Negative headlines generate more clicks

In the race for traffic, an interesting trend has just been brought to light by a study by Nature Human Behaviour. We discover that the use of negative terms in the titles of online publications increases the number of clicks on them.

By analyzing more than 100,000 title variations on the Upworthy site, we find that the consumption of online content is on the rise when it has a negative connotation. Anger, shock, broken hearts, trouble or ugliness are indeed the themes that would attract Internet users the most. The study specifies that for an online article, each additional negative word increases the click-through rate by 2.3%.

As opposed to laughter, beauty and kindness, darkness seems to win out. Of course, you have to be able to take a step back. This type of analysis focuses primarily on the form and not the substance. One can easily imagine this rule applying to miscellaneous facts, or more generally to news intended to become viral on social networks.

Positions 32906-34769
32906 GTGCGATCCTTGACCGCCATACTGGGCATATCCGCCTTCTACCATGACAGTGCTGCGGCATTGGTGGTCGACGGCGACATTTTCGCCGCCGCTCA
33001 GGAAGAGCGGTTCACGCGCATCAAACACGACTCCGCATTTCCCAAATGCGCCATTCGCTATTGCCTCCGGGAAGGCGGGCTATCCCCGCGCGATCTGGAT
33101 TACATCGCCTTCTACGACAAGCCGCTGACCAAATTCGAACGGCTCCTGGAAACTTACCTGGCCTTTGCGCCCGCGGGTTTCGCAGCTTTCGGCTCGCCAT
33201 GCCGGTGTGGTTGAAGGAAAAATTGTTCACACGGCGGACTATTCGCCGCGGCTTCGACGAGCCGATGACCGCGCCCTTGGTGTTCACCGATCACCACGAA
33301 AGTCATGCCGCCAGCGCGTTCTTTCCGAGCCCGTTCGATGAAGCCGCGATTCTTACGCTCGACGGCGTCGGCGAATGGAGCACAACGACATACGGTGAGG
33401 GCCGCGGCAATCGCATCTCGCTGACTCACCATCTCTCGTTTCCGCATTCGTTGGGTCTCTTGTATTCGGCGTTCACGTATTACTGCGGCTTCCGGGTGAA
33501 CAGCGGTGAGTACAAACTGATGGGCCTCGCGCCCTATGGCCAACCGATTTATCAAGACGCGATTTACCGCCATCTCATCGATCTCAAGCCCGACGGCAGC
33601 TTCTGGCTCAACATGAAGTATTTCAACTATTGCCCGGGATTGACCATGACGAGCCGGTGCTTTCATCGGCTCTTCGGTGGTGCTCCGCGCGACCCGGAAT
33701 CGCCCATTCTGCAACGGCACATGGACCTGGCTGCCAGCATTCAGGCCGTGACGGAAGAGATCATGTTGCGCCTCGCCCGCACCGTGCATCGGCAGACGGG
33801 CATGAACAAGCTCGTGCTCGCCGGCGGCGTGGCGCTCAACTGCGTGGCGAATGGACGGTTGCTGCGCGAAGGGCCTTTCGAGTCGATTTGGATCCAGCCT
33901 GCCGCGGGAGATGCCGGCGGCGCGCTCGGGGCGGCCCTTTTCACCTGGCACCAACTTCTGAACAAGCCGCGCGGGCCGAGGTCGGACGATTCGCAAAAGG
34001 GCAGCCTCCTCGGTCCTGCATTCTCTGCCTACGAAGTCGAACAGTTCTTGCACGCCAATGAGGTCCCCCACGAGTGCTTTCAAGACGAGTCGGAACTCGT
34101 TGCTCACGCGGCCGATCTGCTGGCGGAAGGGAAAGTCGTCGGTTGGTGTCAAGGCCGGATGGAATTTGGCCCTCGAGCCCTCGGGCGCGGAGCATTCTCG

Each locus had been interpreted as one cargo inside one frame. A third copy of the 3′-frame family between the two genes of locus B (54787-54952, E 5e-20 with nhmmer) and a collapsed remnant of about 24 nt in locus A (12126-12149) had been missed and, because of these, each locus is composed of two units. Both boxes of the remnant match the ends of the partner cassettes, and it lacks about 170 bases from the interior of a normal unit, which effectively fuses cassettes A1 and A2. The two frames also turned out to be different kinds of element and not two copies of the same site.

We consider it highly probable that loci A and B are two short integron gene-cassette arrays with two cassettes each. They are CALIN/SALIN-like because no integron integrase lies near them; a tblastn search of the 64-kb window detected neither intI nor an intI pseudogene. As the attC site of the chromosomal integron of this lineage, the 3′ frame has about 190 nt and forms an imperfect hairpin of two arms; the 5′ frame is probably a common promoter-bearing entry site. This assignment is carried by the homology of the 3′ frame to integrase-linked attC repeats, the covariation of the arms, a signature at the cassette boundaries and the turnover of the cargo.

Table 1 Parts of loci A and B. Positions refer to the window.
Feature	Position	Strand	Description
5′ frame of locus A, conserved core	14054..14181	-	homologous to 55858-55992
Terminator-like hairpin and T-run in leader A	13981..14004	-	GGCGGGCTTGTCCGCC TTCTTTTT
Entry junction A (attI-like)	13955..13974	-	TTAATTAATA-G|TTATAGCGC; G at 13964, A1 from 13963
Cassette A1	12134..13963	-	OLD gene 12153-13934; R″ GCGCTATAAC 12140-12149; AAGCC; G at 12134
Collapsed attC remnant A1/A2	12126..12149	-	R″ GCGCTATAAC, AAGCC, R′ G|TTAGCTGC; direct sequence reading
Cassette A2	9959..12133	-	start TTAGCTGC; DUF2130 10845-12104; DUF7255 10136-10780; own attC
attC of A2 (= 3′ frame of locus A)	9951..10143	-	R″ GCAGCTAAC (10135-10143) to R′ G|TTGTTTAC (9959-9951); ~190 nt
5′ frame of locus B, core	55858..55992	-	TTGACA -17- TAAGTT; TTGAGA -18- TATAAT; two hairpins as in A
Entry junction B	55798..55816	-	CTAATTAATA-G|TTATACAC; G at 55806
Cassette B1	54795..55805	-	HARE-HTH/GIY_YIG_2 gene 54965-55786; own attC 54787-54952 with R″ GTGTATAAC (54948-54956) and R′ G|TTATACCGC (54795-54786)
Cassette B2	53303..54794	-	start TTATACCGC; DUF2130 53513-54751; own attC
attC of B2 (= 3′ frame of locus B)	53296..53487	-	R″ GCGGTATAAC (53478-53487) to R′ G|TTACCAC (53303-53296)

Indeed, it is not only the end readers who come into play. Algorithms are also fond of divisive titles, and information identified as such will be deemed more interesting; therefore further pushed into social flows.

Hard to escape it

The use of negative terms and their success are related to two factors. On the one hand, under pressure from shareholders and in a search for growth, the media do not hesitate to encourage Internet users to click, like and share. On the other hand, readers are fond of it, because violent news always attracts more than good news.

In short: the race for the hearing is sometimes sad!

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